This presentation is part of the Texas Cultural Landscape Symposium, February 23-26, Waco, Texas.
Erin Gearty: Okay, so I’m going to wrap things up a little bit, talking about where we’re going with this data set from here. Julie McGilvrey mentioned sort of how this project began, really as a mitigation project, but one of the great things that this project has allowed us to do is to see the built environment within the cave as historic resources.
And so that we’re going to be able to treat those resources that way. And I think that’s really important. It’s also, as top picture, is a picture of our cultural landscape and historic district above ground that sits right above the cave. It’s going to really let us connect those two, the historic districts above ground and below ground. And really, be able to allow us to tell the story of the development of the park with cave exploration, and then outreach and tourism. And so the discussion thus far has revealed the benefits of capturing terrestrial laser scanning (TLS) data for creative analysis, precise measurements, maneuvering through and understanding complex and challenging landscapes, and pushing the boundaries of cultural landscape analysis and documentation. The possible application of the TLS data for Carlsbad Caverns National Park are also wide and varied. The park decided to capture TLS data for the underground cultural landscape inventory (CLI), precisely because the data could have broader use beyond this initial project. And really, nearly every work group in the park could utilize this dataset.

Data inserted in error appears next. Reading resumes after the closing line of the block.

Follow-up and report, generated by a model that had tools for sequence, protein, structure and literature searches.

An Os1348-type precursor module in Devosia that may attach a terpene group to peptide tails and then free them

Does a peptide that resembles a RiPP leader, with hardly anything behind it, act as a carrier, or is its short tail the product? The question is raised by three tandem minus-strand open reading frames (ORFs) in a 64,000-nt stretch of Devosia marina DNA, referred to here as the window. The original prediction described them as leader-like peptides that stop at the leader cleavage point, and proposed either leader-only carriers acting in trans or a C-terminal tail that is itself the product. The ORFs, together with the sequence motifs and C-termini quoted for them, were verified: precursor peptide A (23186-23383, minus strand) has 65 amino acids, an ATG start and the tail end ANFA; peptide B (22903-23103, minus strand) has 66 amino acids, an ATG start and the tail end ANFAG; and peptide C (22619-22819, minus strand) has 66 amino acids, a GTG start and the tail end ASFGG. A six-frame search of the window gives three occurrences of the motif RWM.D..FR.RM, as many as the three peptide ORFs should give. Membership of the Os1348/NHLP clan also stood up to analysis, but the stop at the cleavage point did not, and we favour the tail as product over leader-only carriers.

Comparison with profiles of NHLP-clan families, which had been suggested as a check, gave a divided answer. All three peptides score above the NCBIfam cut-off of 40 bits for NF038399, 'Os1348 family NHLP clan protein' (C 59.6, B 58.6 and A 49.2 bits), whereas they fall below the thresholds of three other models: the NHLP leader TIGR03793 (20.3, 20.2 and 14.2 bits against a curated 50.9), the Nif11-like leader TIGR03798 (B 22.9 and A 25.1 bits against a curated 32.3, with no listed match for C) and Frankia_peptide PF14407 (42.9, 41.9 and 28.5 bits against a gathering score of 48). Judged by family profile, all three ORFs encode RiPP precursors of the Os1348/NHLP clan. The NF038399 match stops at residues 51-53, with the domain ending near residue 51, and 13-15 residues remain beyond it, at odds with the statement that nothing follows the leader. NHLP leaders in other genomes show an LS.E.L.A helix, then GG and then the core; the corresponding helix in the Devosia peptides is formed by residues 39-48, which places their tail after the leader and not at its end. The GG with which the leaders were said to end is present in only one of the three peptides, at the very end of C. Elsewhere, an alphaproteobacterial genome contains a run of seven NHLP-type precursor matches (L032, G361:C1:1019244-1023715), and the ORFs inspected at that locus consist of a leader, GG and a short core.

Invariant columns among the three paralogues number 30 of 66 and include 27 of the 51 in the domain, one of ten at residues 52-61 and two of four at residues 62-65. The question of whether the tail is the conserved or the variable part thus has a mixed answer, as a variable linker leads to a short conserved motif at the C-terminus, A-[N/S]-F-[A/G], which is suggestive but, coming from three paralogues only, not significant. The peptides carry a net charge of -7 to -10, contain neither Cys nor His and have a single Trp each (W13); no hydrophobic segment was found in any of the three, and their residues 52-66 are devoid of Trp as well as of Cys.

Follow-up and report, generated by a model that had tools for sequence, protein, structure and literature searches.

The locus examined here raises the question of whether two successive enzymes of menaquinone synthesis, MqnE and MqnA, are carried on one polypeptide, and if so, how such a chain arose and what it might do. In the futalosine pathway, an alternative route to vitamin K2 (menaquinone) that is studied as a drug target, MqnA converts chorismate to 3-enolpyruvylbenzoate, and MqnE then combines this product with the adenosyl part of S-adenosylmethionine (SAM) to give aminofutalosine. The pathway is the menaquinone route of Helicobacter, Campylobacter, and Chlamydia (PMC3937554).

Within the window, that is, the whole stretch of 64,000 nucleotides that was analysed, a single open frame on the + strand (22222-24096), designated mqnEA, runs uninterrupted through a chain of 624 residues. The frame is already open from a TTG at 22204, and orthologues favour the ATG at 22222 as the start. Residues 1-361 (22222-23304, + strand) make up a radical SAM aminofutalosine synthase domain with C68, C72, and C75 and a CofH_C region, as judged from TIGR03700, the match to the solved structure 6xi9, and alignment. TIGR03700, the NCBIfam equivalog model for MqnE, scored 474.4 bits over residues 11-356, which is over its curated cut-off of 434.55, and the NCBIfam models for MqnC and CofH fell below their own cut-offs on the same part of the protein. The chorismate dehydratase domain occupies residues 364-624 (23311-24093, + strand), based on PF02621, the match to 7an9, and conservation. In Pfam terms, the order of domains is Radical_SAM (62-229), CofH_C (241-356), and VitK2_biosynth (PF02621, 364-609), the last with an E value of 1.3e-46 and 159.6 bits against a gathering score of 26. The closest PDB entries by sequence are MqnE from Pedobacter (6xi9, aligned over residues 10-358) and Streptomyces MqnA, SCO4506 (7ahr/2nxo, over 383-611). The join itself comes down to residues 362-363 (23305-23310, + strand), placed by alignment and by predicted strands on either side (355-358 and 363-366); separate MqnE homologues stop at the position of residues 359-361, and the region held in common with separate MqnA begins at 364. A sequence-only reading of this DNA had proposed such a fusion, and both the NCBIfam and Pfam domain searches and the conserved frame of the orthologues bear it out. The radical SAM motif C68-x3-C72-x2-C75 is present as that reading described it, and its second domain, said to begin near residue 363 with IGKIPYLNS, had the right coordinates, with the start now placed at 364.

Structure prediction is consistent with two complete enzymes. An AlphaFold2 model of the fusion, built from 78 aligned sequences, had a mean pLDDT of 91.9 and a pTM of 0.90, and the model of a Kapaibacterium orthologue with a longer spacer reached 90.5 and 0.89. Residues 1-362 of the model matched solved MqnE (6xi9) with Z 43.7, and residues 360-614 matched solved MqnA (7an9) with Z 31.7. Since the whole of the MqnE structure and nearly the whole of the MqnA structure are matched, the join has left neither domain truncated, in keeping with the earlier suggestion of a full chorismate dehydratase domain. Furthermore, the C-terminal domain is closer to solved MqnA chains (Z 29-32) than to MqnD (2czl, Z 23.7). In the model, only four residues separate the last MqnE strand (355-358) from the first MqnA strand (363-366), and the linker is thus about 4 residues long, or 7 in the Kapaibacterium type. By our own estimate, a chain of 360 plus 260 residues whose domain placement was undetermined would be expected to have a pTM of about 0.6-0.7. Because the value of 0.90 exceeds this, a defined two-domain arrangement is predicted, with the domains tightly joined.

The data, for example, will be used to make important management and facility maintenance decisions within the cave. The TLS data is critically important for the upcoming cultural landscape report (CLR) that Julie McGilvrey mentioned earlier. It’s going to provide necessary treatment recommendations within the cave, and these recommendations must help us protect the historic resources, while also not jeopardizing the ecosystem of the cave. This is a really complex interaction between the natural and cultural features of this cultural landscape. Sometimes they’re actually competing with one another so having this really robust data are going to be really important for us, moving forward.